Keys suppressed the evidence because it showed no benefit from replacing saturated fat with vegetable oils, he says. If Keys had published his data, he would never have been able to promote the diet-heart hypothesis.

The Heart and Stroke Foundation of South Africa (HSFSA) is just as culpable, Noakes says. It promoted margarine as healthy when it was full of trans fats. Heart foundations globally only started acknowledging the link between trans fats and heart disease rates in 2007, he says.

The production process of margarine has changed dramatically to reduce the trans fats, but it’s still an industrial product. Yet the HSFSA still promotes margarine as healthy because it contains polyunsaturated fats.

However, no one knows the effects of the chemicals created in the process of vegetable oil production, Noakes says. One of those is aldehyde, a known carcinogen.

Click here to read: Obesity? Forget fat – it’s the carbs, stupid! 


Icelandic cardiologist Dr Axel Sigurdsson is more muted in criticism. Considering all the evidence that has emerged in recent years, the advisory comes as a “surprise”. Sigurdsson says.

“Today, most of us acknowledge that using macronutrient composition to address the long-term benefits or harms of foods is unreasonable,” he says. “It‘s an approach known to push us into paradoxical food choices.”

Dr Axel Sigurdsson

Furthermore, saturated fatty acids are a heterogeneous group. “Some may have adverse metabolic effects whereas other may have benefits,” Sigurdsson says.

Interestingly, the AHA now claims that “good carbohydrates”, such as whole grains and whole fruits, are other appropriate foods to substitute for saturated fats.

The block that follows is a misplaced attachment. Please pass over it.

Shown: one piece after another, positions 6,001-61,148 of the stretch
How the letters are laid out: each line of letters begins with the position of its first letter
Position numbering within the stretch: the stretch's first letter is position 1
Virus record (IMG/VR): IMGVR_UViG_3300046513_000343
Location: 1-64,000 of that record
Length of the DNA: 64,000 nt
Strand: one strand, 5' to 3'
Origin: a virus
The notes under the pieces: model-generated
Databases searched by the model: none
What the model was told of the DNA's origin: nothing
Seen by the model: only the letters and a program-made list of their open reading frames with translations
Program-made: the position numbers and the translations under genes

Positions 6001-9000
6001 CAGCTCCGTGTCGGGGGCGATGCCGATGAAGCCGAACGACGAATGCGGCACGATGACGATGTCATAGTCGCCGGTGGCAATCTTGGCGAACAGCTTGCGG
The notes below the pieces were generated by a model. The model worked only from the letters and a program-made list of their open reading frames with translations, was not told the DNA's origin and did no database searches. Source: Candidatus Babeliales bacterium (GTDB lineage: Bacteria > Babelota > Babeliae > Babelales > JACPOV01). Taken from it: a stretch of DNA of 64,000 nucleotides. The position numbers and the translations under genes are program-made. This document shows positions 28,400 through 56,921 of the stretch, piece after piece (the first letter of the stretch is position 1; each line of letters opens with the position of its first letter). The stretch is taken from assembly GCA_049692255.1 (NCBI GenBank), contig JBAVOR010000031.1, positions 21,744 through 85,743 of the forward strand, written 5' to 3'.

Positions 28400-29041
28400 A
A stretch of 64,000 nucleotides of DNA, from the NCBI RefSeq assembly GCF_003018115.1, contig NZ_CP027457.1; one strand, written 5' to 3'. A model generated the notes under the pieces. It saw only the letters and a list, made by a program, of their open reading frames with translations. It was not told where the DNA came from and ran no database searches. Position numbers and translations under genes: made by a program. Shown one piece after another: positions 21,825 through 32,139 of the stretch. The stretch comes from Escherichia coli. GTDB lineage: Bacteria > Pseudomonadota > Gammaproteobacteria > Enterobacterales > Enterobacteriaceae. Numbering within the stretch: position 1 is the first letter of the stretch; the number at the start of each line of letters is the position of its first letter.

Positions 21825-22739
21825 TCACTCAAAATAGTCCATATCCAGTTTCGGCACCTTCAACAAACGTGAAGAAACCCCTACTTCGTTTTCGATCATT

“In the era of metabolic syndrome and diabetes, such a recommendation is controversial,” Sigurdsson says. “Reducing carbohydrate consumption may have several metabolic benefits for people who suffer from these disorders.”

There’s also the not-so-small matter of where the AHA publishes its advisory: in Circulation. The AHA owns the journal, says US biochemistry professor Richard Feinman. He is a professor of biochemistry and medical researcher at SUNY (State University of New York) Health Science Centre. The AHA can, therefore, write what it likes in its own journal, says Feinman. And it does.

I did find a voice to speak up for the AHA: cardiologist Dr Dennis Goodman. Goodman is director of integrative medicine at NYU Langone Medical Centre. He says that there are no studies showing that coconut oil reduces CVD risk.

“It is clearly better to use monounsaturated and polyunsaturated fats that do not raise LDL and can actually lower it,” he says. These include olive, canola, peanut, corn, nuts, seeds and avocado oils.

Coconut oil has medium chain fatty acids that can raise HDL (so-called “good cholesterol). However, this benefit is not sufficient to offset the detrimental effect of raising LDL, Goodman believes.

The AHA has always taken a strong stand against saturated fats, says Goodman. It recommends only 5-6% of calories coming from saturated fat if the goal is to lower cholesterol in a patient.

“(The advisory) is really to clarify that coconut nut oil is full of saturated fat. It has 80% saturated fat compared with only 14 % for olive oil,” he says.

In Goodman’s opinion, it’s “a no-brainer to choose an oil that raises HDL and lowers LDL as opposed to raising LDL”.

Coconut oil has “clear-cut benefits for hair and skin so you can safely use it topically”, Goodman says.

That’s all very well and not every statement or idea in the AHA document is false. As Schofield and Henderson point out, it’s just that half the story is “hidden in darkness”. That darkness fails to hide the authors’ submissive promotion of sponsors’ interests.

The AHA has an ethical duty to balance all the evidence wisely, not just the bits that suit its beliefs. Schofield and Henderson also say that the AHA should step “well beyond the bias of defending their previous assumptions that a high-carb, low-fat diet, low in saturated fat, is best for all”.

In other words, the advisory authors should break the habit of a lifetime and slip their sponsors’ yokes from around their neck. If not, the real killer really will be the AHA.